Nannette Frank
Looking to jazz up your Halloween? Look no further than South Shore’s Mo Better Jazz, formerly housed in South Shore’s House of Bing. This October 31, Mo Better will play host to jazzy R&B singer Nanette Frank. Frank’s powerful five-octave voice has earned her great acclaim, both in her hometown of Chicago and internationally; Singapore’s press once deemed her “one of the greatest jazz singers in the world.” She’s no stranger to fame, either. Nanette has taken the stage with artists including Stanley Clarke, Miki Howard, Herbie Hancock, Donald Byrd, and Stevie Wonder. She’s performed at Taste of Chicago and the African Arts Festival, and her performance at Mo Better Jazz promises to be an intimate and power-charged evening—one that only Nanette could deliver. Mo Better Jazz Chicago, 2423 E. 75th St. Friday, October 31, 8pm. (773)741.6254. (Teddy Watler)

Dance Apocalypse
The Golden Horse Ranch Band and veteran square dance caller Annie Coleman will put dancers through their paces at Thalia Hall’s Barn Dance Apocalypse on November 8. Coleman, who also sings and plays guitar and bassoon in the band, has been square dance calling since she was thirteen. She spent her childhood summers working at her family’s Golden Horse Ranch, the band’s namesake. Hundreds of flannel-clad dancers are expected to descend on Thalia Hall, which will host the group’s first public barn dance—previous shindigs have been held at secret locations around the city. Described by band member Jeanine O’Toole as “loud, wild, and loaded with love,” the Barn Dance Apocalypse promises to bring the Wild West to Chicago for its tenth consecutive year. Thalia Hall, 1807 S. Allport St. Saturday, November 8, 8pm. $15. (312)526-3851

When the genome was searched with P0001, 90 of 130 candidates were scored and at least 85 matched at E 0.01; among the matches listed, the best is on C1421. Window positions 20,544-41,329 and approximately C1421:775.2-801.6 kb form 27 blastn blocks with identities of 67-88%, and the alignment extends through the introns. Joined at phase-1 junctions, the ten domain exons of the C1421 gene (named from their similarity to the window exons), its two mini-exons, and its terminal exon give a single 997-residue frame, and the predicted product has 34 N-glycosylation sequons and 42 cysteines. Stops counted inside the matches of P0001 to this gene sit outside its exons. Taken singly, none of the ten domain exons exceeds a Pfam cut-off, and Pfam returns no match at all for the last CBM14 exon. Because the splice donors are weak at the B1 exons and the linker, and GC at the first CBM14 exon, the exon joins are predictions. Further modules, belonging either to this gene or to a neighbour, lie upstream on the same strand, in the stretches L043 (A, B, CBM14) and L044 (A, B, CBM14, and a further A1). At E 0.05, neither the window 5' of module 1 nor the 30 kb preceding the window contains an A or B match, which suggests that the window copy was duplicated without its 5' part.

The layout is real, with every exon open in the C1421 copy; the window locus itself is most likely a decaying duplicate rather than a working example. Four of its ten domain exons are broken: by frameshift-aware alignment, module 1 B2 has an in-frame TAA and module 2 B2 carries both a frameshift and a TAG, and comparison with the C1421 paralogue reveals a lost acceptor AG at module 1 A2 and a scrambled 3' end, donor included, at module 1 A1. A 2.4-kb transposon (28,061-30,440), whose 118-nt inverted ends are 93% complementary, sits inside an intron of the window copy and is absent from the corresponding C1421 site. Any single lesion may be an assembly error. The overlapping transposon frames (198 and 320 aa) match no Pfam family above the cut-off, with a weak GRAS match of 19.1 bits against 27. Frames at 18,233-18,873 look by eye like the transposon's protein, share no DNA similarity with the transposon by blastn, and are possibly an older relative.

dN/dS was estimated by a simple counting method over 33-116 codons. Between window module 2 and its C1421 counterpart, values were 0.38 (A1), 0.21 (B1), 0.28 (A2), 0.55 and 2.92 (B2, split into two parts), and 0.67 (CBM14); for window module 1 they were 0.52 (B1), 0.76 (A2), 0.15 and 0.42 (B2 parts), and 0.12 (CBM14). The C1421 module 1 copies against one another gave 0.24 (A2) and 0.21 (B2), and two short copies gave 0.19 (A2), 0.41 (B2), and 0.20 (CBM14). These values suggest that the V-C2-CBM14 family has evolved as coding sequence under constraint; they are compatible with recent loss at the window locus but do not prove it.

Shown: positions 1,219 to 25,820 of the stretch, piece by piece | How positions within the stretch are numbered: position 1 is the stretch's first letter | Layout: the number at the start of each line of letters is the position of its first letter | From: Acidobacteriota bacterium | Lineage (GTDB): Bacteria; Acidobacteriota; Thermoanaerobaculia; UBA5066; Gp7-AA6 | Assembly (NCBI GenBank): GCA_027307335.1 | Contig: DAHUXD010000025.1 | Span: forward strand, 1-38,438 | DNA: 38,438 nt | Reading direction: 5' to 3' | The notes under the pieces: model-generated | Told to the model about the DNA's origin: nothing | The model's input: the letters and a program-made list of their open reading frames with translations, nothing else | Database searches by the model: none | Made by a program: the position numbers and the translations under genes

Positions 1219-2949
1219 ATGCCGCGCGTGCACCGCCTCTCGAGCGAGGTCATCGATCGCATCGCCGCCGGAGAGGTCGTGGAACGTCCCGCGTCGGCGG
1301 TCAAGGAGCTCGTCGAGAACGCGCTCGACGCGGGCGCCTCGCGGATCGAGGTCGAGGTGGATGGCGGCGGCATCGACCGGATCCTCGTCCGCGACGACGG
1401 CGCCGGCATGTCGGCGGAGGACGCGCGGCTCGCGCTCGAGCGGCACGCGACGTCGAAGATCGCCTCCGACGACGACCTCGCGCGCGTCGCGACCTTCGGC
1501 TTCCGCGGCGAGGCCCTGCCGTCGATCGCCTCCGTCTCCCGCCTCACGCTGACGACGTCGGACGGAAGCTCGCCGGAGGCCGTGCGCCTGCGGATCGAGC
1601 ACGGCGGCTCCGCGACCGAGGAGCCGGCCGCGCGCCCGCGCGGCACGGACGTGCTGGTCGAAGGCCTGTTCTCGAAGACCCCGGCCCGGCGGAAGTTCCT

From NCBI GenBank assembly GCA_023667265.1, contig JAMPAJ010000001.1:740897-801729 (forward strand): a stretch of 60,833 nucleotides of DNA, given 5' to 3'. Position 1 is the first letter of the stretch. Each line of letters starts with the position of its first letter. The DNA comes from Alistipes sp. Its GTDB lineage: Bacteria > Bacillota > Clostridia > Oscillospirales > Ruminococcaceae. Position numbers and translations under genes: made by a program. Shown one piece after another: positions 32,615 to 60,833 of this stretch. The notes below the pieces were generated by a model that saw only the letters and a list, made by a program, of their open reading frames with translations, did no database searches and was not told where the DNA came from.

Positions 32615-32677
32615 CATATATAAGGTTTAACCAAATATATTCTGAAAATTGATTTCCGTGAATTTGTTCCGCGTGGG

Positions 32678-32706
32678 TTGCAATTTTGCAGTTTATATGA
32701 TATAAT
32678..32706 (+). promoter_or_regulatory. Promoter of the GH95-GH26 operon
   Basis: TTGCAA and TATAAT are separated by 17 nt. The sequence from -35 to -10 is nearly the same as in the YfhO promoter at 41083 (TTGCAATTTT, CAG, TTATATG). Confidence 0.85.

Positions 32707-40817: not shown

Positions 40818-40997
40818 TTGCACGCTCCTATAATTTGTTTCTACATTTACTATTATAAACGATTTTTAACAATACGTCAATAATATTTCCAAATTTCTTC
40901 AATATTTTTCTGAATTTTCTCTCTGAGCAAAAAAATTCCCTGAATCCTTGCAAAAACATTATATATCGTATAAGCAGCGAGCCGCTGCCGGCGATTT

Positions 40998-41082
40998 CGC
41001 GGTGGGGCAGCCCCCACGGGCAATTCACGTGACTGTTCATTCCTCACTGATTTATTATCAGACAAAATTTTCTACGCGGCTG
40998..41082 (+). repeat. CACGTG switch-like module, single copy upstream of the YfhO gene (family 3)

Cocoa Tea at the Shrine
Although reggae virtuoso Cocoa Tea will be performing on Halloween, the socially conscious dancehall star is sure to be more smooth than spooky. One of reggae’s most illustrious and consistent artists, Cocoa Tea is well known for his outspoken style and piercing cultural messages. The concert is part of his “Sunset in Negril” tour, which kicks off on October 22 in the United States and moves to Nigeria and Europe in December. The tour will showcase plenty of new material from Cocoa Tea and the Step by Step Band, including the title track “Sunset In Negril” and a cover of Bob Marley’s “War.” Reggae star Louie Culture and DJs Ringo and Papa G. will also be in attendance, so throw away that costume, grab your dancing shoes, and head on over to the Shrine. The Shrine, 2109 S. Wabash Ave. October 31. Doors open at 9pm. $35. Tickets available online or at the door. 21+. (312)753-5681. (Zoe Makoul)

Bonnie “Prince” Billy